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Event Calendar

Pullman Porter Blues

NOV 23, 2012 – JAN 6, 2013

by Cheryl L. West
directed by Lisa Peterson

a co-production with Seattle Repertory Theatre

in the Kreeger Theater

Blues-Fueled Locomotive


“Sounds like a story pullin’ out of the station.”

Jam-packed with 12 classic blues songs, including “Sweet Home Chicago,” Pullman Porter Blues is the world-premiere production that reveals the true heroes hidden within every man. It’s June 1937 and the Panama Limited, bound from Chicago to New Orleans, is bouncing to the beat of the rollicking Midwest blues. Most folks are tuned in to the Joe Louis/James Braddock championship bout, but the men of the Sykes family – three generations of porters – know there’s more at stake than just a boxing title, as they battle each other, racial tensions and an uncertain future. Will the hope they get from the Brown Bomber be the fuel this family needs to make a better life or will progress tear them apart?

Pullman Porter Blues runs approximately 2 hours and 30 minutes, including one intermission.

Pullman Porter Blues is sponsored by GEICO

Amtrakis the official railway of Arena Stage

“Bursting with talent.”

“It’s impossible to tear your eyes away from E. Faye Butler.”
“[E. Faye] Butler is fearless and fascinating as Juba.”

Washingtonian

“[Larry] Marshall, [Cleavant] Derricks and [Warner] Miller are excellent.”
“[E. Faye] Butler … outdoes herself in this show, proving not only her outstanding vocal skills but also her comic skills.”Washington Examiner

“[Larry] Marshall and [Cleavant] Derricks have … elegant dancing skills
and impassioned singing voices while projecting genuine stage magnetism.”Talkin' Broadway

“Emotionally charged.”
“[E. Faye] Butler is a larger than life crowd pleaser
and delivers moments of priceless entertainment.”DC Theatre Scene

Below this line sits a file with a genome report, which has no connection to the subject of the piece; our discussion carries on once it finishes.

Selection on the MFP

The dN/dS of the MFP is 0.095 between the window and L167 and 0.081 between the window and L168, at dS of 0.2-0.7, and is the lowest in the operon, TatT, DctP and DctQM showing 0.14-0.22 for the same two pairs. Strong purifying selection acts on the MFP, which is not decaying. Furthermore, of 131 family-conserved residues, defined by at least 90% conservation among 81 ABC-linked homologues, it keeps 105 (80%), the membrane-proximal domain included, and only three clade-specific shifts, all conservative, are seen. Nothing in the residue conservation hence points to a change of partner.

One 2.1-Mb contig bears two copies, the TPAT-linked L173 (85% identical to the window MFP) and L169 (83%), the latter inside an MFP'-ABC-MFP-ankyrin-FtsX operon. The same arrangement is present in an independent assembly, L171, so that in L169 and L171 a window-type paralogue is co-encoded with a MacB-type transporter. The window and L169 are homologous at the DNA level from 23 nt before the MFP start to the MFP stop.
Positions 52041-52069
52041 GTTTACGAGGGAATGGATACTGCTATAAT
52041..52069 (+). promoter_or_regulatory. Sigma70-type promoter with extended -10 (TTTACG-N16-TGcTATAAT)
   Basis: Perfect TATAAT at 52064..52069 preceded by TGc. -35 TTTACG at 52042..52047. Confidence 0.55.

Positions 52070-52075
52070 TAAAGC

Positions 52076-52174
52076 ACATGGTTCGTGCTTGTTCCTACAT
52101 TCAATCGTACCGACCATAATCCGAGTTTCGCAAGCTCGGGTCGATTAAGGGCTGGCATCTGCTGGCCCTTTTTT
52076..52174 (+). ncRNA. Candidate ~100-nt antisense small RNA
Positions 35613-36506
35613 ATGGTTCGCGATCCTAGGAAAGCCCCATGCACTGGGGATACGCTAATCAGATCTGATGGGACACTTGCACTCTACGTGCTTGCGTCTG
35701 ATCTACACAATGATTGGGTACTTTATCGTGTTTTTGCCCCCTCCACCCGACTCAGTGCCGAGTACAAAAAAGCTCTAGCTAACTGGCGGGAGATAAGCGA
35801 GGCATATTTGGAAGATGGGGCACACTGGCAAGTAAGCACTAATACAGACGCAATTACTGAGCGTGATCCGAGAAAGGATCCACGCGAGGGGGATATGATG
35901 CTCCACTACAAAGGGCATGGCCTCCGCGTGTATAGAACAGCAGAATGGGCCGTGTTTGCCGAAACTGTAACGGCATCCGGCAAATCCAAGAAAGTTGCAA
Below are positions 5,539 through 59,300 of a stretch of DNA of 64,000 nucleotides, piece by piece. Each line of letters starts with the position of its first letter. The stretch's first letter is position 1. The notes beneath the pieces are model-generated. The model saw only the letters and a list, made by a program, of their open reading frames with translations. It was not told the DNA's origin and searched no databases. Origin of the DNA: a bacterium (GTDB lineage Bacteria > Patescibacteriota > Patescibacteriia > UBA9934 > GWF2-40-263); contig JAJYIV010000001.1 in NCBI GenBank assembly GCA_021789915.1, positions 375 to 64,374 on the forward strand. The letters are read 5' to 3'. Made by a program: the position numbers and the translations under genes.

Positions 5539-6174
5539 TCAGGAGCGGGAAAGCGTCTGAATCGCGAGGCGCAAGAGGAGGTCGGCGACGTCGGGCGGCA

“A glorious ride.”
“The radiant, show-stealing E. Faye Butler.”DCist

“Totally satisfies … This play delivers tenfold.”
“Fantastic … Funny and touching.”
“Knockout vocal stylings of E. Faye Butler … a force of nature …
holds the audience in the palm of her hand.”
“It takes real talent to play a character like this and Ziman possesses
all the right gifts and skills.”Maryland Theatre Guide

“Lively entertaining spectacle that illuminates
an important piece of history.”
“The music is smoking.”
“E. Faye Butler … is absolutely marvelous …
she has us wrapped around her finger.”Woman Around Town

“[Warner] Miller, [Cleavant] Derricks, and [Larry] Marshall
give extraordinarily layered performances.”
“The standout, tour-de-force performance … belongs to E. Faye Butler.”
“Emily Chisolm … perfectly balances comedy with drama.”DC Metro Theater Arts

“A great ride … Makes its excellence known
before you can even put your suitcase down.”

“A beautiful play … Sublime.”

“A joyful connection between actors and audience.
There will be smiles during this ride. Often.”

“Exceptional.”

“The always brilliant E. Faye Butler.”

“Ms. Butler has the audience in stitches, as always,
in complete command of the stage.”Examiner

American Voices


Cheryl L. West

“My first train ride at the age of five was both exhilarating and fascinating. I remember being utterly enamored with the train’s compulsively smiling Pullman porters. With the naiveté of the innocent, I remember concluding that the porters must smile all the time because they were so happy to ride the train all day, every day. Little did I know that the effusive smiling was one of many rules and that, in order to receive full pay, the ever-smiling Porters were required to work 400 hours per month or 11,000 miles—whichever occurred first— sometimes standing 20 hours straight while being humiliated similarly as they were on a slave plantation.

And yet they persevered and became the first organized black labor union, a feat that cost many of them their jobs and their lives. Now, decades later, I have the incredible opportunity to explore the world
behind the smiles and, with the Sykes men as guides, to recapture
that fascination.”

— Cheryl L. West, playwright

“A fearless, compassionate dramatist.”

Seattle Times

multimedia

Proclamation

Pullman Porter Proclamation